2)I personally believe that they aren't doing enough because they haven't made enough impact in Bangladesh to help the refugee camps
    3)The difficulties the UN face are:
    Fairness - Is this fair on everybody?
    Pros & Cons - Even though it may be good, what may be bad about it?
    Effect - What effect may it have on other people?

    Reply to this comment
  • Beverley-St-Nicholas-logo-250x250.jpg consistent_wolf 2 months ago

    I don’t think the UN has done much about the Rohingya people because they are still all upset😪 and having to move out there own 🏠 and I don’t think they should have to do that because if we don’t have to move out of are house, I don’t think they should move out of there’s because they also have the right to say no if they don’t want to move and if they do want to move they can, they should be free to do what they want to as long as it is not anything like murder, terrisiom and anything like that.

    Reply to this comment
  • Michael-Faraday-logo-250x250.jpg extraordinary_thought 2 months ago

    I think that the UN should start a charity to help vulnerable people who are in the same trouble as the Rohingya so that they'd have enough money to provide for their families and if that works they might be able to use the same strategy to support Bangladesh so that they'd become a less poor country.

    Reply to this comment
  • Crampton-logo-250x250.jpg encouraging_road 2 months ago in reply to Tiff @ the BNC's comment

    1) The UN has been doing three main things to try and help the Rohingya. One of them is analysing information and building up files with evidence to use against the military leaders in a court. The UN has also been trying to draw attention to the crisis by talking about it "loudly and publicly". Finally the UN has been helping the refugees in Bangladesh.
    2) It's good to hear what the UN are doing but I do not think it's enough. For example the Fact Finding Mission is trying to bring down the military leaders but it is going to take too long. It is clear to me that there are more things that the UN could do, they could get more countries to help with the refugees and they could also try to get a Security Council resolution for military intervention.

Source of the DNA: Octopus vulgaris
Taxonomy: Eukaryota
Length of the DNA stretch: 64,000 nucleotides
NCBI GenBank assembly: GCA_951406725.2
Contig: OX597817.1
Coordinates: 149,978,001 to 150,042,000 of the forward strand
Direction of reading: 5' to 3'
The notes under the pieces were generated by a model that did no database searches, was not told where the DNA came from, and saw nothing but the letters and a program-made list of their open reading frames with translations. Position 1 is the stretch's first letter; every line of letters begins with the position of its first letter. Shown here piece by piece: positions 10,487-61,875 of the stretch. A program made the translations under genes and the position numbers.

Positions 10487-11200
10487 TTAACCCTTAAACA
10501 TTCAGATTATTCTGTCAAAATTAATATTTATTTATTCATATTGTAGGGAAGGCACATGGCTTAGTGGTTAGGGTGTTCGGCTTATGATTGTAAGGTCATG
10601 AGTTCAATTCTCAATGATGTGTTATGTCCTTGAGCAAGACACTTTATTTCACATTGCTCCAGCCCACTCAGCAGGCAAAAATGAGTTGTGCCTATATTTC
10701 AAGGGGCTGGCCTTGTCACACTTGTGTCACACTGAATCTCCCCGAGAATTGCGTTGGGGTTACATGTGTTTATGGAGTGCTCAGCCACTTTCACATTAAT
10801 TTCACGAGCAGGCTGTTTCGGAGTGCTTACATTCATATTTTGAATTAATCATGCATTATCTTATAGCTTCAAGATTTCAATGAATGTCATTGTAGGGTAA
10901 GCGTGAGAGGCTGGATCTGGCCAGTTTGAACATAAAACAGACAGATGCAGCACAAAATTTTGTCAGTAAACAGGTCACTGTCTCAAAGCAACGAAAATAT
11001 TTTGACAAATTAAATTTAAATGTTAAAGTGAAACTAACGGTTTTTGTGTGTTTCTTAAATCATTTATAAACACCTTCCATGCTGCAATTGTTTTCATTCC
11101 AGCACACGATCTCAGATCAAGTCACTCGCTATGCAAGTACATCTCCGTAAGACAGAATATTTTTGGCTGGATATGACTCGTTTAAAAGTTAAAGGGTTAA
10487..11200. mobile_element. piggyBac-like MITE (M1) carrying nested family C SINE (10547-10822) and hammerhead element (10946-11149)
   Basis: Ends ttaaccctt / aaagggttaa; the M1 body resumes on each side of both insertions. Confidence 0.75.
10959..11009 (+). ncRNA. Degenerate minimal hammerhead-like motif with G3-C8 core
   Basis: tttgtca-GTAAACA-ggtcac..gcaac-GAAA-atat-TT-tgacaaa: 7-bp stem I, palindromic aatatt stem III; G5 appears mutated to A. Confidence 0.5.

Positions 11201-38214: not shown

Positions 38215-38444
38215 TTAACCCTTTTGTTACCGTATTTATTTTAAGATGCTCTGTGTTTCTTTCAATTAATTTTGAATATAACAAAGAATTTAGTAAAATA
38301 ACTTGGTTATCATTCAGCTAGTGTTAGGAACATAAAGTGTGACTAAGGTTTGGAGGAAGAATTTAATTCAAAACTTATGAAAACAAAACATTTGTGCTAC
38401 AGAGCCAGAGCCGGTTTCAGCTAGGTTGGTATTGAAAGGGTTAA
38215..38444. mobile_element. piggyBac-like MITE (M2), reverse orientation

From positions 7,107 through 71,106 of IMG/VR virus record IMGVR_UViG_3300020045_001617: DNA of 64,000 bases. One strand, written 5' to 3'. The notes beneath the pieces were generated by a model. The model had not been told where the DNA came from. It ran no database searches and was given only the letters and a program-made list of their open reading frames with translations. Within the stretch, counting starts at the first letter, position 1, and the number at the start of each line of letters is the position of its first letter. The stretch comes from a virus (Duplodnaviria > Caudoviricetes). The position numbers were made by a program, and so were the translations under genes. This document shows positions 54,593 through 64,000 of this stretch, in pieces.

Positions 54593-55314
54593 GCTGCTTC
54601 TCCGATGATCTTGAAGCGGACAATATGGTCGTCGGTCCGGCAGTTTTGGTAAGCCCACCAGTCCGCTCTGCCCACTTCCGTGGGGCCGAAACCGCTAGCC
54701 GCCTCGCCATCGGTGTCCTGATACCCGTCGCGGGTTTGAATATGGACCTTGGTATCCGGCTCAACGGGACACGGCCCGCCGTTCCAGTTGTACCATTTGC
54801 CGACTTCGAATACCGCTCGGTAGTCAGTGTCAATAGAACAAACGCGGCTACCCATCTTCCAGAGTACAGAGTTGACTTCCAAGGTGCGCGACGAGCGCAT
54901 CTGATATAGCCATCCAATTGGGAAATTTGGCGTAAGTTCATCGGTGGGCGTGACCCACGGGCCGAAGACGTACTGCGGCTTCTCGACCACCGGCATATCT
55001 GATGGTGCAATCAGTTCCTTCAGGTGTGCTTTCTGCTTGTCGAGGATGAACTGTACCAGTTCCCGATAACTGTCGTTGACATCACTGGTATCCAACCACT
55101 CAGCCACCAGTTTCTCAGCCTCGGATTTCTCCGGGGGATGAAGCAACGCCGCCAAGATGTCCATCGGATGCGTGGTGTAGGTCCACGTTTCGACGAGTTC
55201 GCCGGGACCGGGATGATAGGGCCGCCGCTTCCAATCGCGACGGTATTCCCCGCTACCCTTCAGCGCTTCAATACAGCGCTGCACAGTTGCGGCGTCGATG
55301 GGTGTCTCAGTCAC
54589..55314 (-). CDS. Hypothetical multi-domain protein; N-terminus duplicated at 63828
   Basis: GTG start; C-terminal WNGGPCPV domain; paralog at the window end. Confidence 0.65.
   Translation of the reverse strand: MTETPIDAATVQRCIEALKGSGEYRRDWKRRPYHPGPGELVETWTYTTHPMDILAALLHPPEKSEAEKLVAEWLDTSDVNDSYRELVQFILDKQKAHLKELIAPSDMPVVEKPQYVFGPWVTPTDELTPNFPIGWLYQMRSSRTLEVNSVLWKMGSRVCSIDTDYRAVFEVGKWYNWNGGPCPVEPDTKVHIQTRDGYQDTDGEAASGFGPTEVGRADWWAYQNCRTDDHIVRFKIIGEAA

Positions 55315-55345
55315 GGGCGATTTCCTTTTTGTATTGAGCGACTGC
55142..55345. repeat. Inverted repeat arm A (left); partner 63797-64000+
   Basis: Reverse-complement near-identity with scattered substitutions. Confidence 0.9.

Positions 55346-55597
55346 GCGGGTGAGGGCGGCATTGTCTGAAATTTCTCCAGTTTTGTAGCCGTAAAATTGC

3) The difficulty is getting all the countries to agree and being sure what the best action is. The "Responsibility to Protect" is a great idea that everyone agrees but they don't know how to protect everyone. If they did all agree on military intervention a war could be really bad and cause even more suffering and cost even more lives.

    Reply to this comment
  • Olivia-Avatar.jpg Olivia @ the BNC 2 months ago in reply to encouraging_road's comment

    Well done for reading this post closely and for answering the questions! I have given you a star for the curiosity you have shown!

    Reply to this comment
  • Michael-Faraday-logo-250x250.jpg noble_crab 1 month ago

    What can you and the UN do to help and is this situation going to get better?

    Reply to this comment
  • Weston-Favell-logo-250x250.jpg methodical_engine 1 month ago

    1) how can we trust this as they could have made something close to the truth and they might be keeping something back .
    2) I can't trust it as it has no video footage and the photo up at the top could be from the internet ( just something I wanted to let you guys know )

    Reply to this comment
  • Weston-Favell-logo-250x250.jpg methodical_engine 1 month ago

    1) they have watched and they have reported what's going on to back up Myanmar's leader ang san suu chi.
    2) its impressive how much he has to say about this but I think the UN are doing less than I would expect because they are just reporting what's going on and they're not getting in and helping Myanmar by telling the government to stop
    3) the difficulties they are facing are
    . they are having to sort little bits of this issue out
    . people are asking for more information
    . there not much relaxing time for them and their families

    Reply to this comment